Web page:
Jordan: Yeah, absolutely. I mean what it’s done by accident is branded us as; well I guess I’m the face of the company really and that’s fun. I love it, I love The Art of Charm and I love what we do. So I love it but it was definitely strange at first because it was like, “No wait we are not experts, we are just doing this.” And what we found is that our clients were like, “Listen the other guys that say they are experts are internet marketers that live in their parents basement. So the fact that you are actually out trying stuff and doing stuff and teaching people is actually pretty amazing.” And so they wanted to learn from people who actually are experienced and that was crucial in my understanding because I didn’t think, “I’m going to brand myself as an expert.”
Steve: Yeah, I was going to say something. Based on what you are telling me, it sounds like you kind of just grew your podcast organically based on the power of your content alone.
Jordan: Yes and I know that, that’s not the best. A lot of people are like, “Where, I hate this guy, I was looking for shortcuts.” And here is the thing, there are shortcuts go lower for people who don’t want to build something great. And I don’t really know what to say to those people, sure go look for shortcuts and follow in line with everybody else who doesn’t really do much, I mean.
Steve: Okay, yeah that’s really good advice. I mean ultimately the tricks will kind of maybe get you in the door, but then you ultimately have to put out the good stuff to kind of maintain that level of your audience.
Jordan: Yeah and I mean, don’t get me wrong there are tons of internet marketers that are all tricks and they making a lot of money but at the end of the day you can really deliver value in both ways, so you don’t need to only rely on tricks. You might as well develop something real that you offer people, rather than relying on the numbers game of seeing how many stupid people you can fool into buying your crap.
Steve: Absolutely, that’s great advice. So you know Jordan I’m actually really curious about what you teach and I was actually hoping that you would be able to give us some sort of quick lesson about some of the material that you actually coach in your course.
Jordan: Yeah, I mean most of what we do unfortunately for the podcast format, a lot of communication and I mean like 90 plus percent is non-verbal. So it’s really difficult to coach somebody that you have no previous relationship with in podcast format. But what we can talk about, I mean there is a million different things. I mean for example if you are looking at the fact that most communication is non-verbal then you know you need great body language to make a good first impression.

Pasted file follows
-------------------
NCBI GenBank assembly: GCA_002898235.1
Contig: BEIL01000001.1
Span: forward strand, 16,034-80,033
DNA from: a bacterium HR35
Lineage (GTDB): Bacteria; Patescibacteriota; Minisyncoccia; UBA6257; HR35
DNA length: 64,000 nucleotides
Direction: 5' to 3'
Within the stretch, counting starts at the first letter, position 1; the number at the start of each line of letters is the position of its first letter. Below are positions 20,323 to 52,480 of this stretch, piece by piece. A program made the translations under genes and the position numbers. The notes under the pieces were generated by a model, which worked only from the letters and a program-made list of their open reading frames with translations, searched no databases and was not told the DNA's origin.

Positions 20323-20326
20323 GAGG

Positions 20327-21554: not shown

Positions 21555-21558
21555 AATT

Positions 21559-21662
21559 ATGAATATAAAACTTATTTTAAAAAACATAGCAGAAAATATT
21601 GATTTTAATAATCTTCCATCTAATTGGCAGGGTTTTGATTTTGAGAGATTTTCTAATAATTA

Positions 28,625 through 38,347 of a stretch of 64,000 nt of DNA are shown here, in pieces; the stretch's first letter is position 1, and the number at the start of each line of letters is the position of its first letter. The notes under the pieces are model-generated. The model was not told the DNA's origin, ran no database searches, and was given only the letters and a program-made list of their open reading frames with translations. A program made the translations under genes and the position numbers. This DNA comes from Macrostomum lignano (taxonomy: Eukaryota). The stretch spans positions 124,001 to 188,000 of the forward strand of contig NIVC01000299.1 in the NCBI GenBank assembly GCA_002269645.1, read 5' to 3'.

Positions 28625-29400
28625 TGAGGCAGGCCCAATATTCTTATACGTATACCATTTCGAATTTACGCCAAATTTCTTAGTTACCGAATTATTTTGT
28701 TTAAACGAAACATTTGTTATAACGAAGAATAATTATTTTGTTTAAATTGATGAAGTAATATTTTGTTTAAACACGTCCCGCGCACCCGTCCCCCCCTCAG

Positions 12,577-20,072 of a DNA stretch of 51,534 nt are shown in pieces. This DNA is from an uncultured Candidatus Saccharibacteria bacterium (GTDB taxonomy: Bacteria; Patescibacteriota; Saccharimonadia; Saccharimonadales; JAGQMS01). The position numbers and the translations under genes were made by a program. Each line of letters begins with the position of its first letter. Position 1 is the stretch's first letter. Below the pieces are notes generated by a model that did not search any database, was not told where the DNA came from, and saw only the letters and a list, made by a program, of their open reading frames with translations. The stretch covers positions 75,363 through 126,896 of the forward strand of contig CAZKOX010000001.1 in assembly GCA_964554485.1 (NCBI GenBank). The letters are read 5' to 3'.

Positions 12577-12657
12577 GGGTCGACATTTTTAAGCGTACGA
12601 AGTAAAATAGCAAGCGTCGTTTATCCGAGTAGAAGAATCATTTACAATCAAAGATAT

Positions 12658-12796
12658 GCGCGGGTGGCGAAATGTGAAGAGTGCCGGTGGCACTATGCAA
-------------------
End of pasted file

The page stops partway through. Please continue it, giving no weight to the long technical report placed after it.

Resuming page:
And so one of the quick tips that anybody in podcast learned, I hate that word, can pick up is that, is that you need to create a great first impression. And most people think their first impression is when they decide to make it. For example I use a dating analogy here. What we are looking at, a bunch of guys go out and they are like, “We are going to meet girls.” So they get up and they haul themselves off to the bar or whatever and they are thinking all right we are going to have a couple of drinks, we are going to chill, we are going to pretend to watch the basketball game and you know hung out and talk and then you know once that kicks in we are going to start talking to the girls. So guys go in there, they are sharking around in circles looking for where the cute girls are, they go and fix their hair, they grab a couple of shots, they grab a couple of drinks. They pretend to watch the basketball game; they sit in the corner staring at the girls. And then one of them goes, “All right, I’m doing it man, I’m going to go up and do this.” And so he walks up there in his broad voice. He walks up there and he’s like, “Hey what are you guys drinking?” And the girls are like, “No thanks.” And he goes, “Whatever, girls only want guys who have money, it’s because I don’t have a Rolex, that’s why they rejected me or whatever.” Meanwhile that has nothing to do with it.